Understanding Plea Bargains

More than 90% of criminal convictions are achieved by plea bargaining, rather than going to trial where the prosecutor is required to prove guilt. When you choose to accept a plea deal, you give up many important rights, including our right to a jury trial and in most cases your right to appeal. You gain expediency and a somewhat guaranteed outcome. In some cases, a plea agreement is a good choice, but in many cases innocent defendants are intimidated into accepting a conviction that they should have fought. In any case, you can count on the prosecutor taking advantage of you if you are not represented by an experienced and highly skilled criminal defense attorney.

Basic Plea Deals

Pleas deals typically involve pleading guilty in exchange for one or more of the following:

  • Fewer charges
  • Less serious charge or charges
  • Reduced sentence

There is a risk to pleading guilty in exchange for a reduced sentence. Although judges usually go with the prosecutor’s recommendation, they aren’t required to, and you may not get what you were promised.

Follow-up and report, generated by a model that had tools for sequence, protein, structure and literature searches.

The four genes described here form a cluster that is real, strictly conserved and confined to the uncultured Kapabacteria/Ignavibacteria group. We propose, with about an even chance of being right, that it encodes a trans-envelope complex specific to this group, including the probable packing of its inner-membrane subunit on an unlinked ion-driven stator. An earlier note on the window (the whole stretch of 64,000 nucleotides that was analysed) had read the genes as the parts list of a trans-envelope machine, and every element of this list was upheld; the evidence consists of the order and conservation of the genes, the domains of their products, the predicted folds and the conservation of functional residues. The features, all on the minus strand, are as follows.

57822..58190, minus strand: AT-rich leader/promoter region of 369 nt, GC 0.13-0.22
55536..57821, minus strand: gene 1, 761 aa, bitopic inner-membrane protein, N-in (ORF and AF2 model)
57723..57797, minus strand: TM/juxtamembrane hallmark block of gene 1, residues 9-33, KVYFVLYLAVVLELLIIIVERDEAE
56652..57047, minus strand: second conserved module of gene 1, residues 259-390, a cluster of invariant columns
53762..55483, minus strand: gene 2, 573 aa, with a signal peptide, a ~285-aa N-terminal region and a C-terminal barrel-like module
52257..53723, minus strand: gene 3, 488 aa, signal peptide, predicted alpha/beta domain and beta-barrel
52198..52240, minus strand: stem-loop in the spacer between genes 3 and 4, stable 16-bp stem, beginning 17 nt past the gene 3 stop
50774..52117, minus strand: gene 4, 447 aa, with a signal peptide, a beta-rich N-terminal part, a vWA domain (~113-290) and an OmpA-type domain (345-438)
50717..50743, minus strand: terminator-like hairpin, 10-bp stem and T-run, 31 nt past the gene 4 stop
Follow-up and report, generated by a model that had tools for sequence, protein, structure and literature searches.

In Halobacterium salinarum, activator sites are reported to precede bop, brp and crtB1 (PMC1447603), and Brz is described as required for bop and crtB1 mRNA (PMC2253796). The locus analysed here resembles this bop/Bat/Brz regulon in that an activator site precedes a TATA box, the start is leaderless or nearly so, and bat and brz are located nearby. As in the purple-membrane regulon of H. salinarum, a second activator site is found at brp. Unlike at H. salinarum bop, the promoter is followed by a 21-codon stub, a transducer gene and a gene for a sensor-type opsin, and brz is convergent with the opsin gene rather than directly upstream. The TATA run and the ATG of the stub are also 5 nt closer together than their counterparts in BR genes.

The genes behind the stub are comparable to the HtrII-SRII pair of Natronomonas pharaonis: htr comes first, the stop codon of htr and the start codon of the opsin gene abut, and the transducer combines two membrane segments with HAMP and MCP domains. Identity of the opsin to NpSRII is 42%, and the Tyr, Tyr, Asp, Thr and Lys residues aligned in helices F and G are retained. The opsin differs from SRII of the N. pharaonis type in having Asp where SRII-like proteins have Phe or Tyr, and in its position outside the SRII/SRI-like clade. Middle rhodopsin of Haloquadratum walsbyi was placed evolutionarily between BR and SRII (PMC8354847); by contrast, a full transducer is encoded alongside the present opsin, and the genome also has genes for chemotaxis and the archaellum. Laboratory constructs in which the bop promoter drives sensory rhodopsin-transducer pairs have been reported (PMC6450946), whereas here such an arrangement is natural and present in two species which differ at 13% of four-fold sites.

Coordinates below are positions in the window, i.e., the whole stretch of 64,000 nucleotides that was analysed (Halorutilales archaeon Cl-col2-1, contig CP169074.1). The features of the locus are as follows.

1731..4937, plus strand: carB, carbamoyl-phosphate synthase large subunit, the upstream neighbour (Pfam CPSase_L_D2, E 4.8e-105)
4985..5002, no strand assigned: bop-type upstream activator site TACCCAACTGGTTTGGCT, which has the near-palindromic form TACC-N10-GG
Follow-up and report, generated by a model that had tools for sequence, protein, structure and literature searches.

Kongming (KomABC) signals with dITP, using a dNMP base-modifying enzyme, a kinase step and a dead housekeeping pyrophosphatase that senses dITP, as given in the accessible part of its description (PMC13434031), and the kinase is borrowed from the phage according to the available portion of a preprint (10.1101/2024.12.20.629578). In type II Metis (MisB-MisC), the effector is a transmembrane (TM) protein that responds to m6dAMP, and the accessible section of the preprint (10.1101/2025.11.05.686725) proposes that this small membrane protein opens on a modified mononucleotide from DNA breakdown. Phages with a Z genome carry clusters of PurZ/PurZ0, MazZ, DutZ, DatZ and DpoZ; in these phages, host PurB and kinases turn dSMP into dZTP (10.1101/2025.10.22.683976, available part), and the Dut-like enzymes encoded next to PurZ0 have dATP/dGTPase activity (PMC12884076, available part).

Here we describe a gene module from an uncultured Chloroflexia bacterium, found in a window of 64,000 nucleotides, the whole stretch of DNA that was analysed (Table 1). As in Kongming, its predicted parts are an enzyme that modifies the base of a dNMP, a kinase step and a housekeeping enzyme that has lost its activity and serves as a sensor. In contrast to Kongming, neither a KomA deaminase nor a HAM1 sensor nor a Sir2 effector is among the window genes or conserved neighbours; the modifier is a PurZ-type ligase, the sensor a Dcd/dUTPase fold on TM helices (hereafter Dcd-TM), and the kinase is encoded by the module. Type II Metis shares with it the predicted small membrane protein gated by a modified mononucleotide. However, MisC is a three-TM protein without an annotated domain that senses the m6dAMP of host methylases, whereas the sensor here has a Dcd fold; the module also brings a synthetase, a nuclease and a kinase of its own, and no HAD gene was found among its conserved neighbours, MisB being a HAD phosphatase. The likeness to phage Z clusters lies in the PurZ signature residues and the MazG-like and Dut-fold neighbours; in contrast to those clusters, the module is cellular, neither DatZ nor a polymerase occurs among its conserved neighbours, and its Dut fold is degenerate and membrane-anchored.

Overcharging as a Strategy

Because plea bargaining is the norm, prosecutors often use overcharging for leverage. They tack on additional charges they know won’t stick, so the situation looks more dire and the defendant is motivated to plead guilty in exchange for fewer charges. Yes, the same way a car salesman always asks for more than they expect to get, except the stakes here are your freedom and your future. And, it adds risk for you because there may be a chance that the prosecutor will win on those extra charges in court.

Your criminal defense attorney can spot overcharging and gauge the risk level, and prosecutors know this. Having an experienced attorney on your side helps to level the playing field for you.

It May be Better to Fight

In many cases, taking a good plea deal is the best move. It can result in less harm to you and save time and money so you can get on with moving forward with your life. But you need to be fully aware of the consequences. The conviction on your record may haunt you for years. The case against you may not be strong enough to hold up in court. There are many reasons why fighting the charge or charges may be your best course of action.

If you are considering taking a plea deal, don’t do it without talking to an experienced criminal defense attorney first. Call McPhillips Fitzgerald & Cullum LLP, or contact us online today.


Contact Our Firm Today

* All indicated fields must be completed.

Accessibility Toolbar